String functions - AWS IoT SiteWise

String functions

In transforms and metrics, you can use the following functions to operate on strings. For more information, see Using strings in formulas.


Formula expressions can only output double or string values. Nested expressions can output other data types, such as strings, but the formula as a whole must evaluate to a number or string. You can use the jp function to convert a string to a number. The Boolean value must be 1 (true) or 0 (false). For more information, see Undefined, infinite, and overflow values.

Function Description


Returns the length of the string s.

find(s, substring)

Returns the index of the string substring in the string s.

contains(s, substring)

Returns 1 if the string s contains the string substring, otherwise 0.


Returns the string s in uppercase form.


Returns the string s in lowercase form.

jp(s, json_path)

Evaluates the string s with the JsonPath expression json_path and returns the result.

Use this function to do the following:

  • Extract a value, array, or object from a serialized JSON structure.

  • Convert a string to a number. For example, the formula jp('111', '$') returns 111 as a number.

To extract a string value from a JSON structure and return it as a number, you must use multiple nested jp functions. The outer jp function extracts the string from the JSON structure, and the inner jp function converts the string to a number.

The string json_path must contain a string literal. This means that json_path can't be an expression that evaluates to a string.


  • jp('{"status":"active","value":15}', '$.value') returns 15.

  • jp('{"measurement":{"reading":25,"confidence":0.95}}', '$.measurement.reading') returns 25.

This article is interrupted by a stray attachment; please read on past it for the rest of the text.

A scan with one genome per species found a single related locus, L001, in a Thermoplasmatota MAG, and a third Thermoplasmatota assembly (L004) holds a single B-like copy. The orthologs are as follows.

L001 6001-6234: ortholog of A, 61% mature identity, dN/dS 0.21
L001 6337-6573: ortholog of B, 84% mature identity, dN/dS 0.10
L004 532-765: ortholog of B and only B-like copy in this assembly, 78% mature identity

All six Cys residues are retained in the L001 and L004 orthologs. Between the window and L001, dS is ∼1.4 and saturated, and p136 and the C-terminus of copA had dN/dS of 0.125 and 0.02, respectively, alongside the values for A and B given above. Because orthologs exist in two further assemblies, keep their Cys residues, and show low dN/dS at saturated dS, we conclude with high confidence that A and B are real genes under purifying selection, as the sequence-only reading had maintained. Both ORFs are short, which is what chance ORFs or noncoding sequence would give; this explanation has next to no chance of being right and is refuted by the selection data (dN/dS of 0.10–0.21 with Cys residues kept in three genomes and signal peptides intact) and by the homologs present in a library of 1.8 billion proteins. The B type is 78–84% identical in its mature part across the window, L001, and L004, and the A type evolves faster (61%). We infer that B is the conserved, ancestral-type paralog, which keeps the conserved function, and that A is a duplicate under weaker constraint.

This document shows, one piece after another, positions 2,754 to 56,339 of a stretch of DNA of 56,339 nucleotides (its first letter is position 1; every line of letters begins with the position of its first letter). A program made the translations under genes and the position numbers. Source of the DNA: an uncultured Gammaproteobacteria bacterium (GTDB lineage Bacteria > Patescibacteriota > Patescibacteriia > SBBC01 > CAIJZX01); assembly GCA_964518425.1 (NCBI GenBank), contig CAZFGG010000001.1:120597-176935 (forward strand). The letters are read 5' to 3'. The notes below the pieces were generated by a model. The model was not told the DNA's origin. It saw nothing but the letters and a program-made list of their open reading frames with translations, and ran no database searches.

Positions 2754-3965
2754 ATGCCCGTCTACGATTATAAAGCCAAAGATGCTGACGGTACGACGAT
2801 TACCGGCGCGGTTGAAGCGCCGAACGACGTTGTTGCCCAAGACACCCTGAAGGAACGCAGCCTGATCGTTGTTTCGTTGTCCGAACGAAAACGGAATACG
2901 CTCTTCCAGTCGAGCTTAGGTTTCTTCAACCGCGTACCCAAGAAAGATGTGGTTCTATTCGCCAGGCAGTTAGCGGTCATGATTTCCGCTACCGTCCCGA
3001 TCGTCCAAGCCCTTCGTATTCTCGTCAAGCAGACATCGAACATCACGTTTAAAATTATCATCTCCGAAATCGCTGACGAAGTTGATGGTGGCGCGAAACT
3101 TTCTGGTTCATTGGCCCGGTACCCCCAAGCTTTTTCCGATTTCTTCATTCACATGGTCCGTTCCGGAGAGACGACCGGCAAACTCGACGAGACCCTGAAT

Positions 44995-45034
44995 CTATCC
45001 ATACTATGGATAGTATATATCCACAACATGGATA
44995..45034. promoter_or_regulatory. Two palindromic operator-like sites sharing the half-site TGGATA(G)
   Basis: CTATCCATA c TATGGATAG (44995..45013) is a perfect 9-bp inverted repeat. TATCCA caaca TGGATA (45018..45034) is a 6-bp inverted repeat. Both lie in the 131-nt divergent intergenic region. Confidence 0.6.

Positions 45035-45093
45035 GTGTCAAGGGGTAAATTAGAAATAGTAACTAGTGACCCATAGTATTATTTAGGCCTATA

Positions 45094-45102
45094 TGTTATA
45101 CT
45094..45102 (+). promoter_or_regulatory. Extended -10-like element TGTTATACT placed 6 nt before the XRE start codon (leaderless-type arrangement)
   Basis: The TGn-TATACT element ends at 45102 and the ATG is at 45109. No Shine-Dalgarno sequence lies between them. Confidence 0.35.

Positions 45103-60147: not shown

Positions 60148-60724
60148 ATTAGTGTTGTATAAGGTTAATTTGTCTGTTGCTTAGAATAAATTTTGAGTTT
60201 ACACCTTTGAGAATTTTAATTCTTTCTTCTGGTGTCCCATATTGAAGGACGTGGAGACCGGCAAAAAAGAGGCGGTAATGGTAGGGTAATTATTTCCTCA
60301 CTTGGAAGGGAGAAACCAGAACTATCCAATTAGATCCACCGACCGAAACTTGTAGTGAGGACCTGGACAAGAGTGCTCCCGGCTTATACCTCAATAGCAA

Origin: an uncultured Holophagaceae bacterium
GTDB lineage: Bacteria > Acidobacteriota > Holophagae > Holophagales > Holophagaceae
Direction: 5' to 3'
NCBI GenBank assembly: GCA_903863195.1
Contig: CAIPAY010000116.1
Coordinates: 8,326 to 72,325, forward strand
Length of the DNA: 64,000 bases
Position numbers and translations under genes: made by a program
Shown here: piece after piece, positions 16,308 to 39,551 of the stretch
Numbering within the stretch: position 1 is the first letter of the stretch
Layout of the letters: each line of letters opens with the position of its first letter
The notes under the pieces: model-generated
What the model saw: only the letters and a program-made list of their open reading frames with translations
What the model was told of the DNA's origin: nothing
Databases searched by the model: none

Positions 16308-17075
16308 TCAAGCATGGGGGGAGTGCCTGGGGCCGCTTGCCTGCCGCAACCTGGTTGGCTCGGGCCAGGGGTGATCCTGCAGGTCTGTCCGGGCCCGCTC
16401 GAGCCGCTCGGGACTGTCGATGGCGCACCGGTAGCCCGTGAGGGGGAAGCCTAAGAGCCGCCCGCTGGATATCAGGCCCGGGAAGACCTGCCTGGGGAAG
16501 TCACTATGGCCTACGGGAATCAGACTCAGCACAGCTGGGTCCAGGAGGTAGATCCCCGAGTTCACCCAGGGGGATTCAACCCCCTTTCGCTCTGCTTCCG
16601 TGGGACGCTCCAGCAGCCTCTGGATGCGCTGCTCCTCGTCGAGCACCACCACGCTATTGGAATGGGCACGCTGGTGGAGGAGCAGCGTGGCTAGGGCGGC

• jp('[2,8,23]', '$[2]') returns 23.

  • jp('{"values":[3,6,7]}', '$.values[1]') returns 6.

  • jp('111', '$') returns 111.

  • jp(jp('{"measurement":{"reading":25,"confidence":"0.95"}}', '$.measurement.confidence'), '$') returns 0.95.

join(s0, s1, s2, s3, ...)

Returns a concatenated string with a delimiter. This function uses the first input string as a delimiter and joins the remaining input strings together. This behaves similar to the join(CharSequence delimiter, CharSequence... elements) function in Java.


  • join("-", "aa", "bb", "cc") returns aa-bb-cc

format(expression: "format") or format("format", expression)

Returns a string in the specified format. This function evaluates expression to a value, and then returns the value in the specified format. This behaves similar to the format(String format, Object... args) function in Java. For more information about supported formats, see Conversions under Class Formatter in the Java Platform, Standard Edition 7 API Specification.


  • format(100+1: "d") returns an integer, 101.

  • format("The result is %d", 100+1) returns a string, The result is 101.


Returns a concatenated string. With this formatted function, you can use a simple expression to concatenate and format strings. These functions may contain nested expressions. You can use {} (curly braces) to interpolate expressions. This behaves similar to the formatted string literals in Python.


  • f'abc{1+2: "f"}d' returns abc3.000000d. To evaluate this example expression, do the following:

    1. format(1+2: "f") returns a floating point number, 3.000000.

    2. join('', "abc", 1+2, 'd') returns a string, abc3.000000d.

    You can also write the expression in the following way: join('', "abc", format(1+2: "f"), 'd').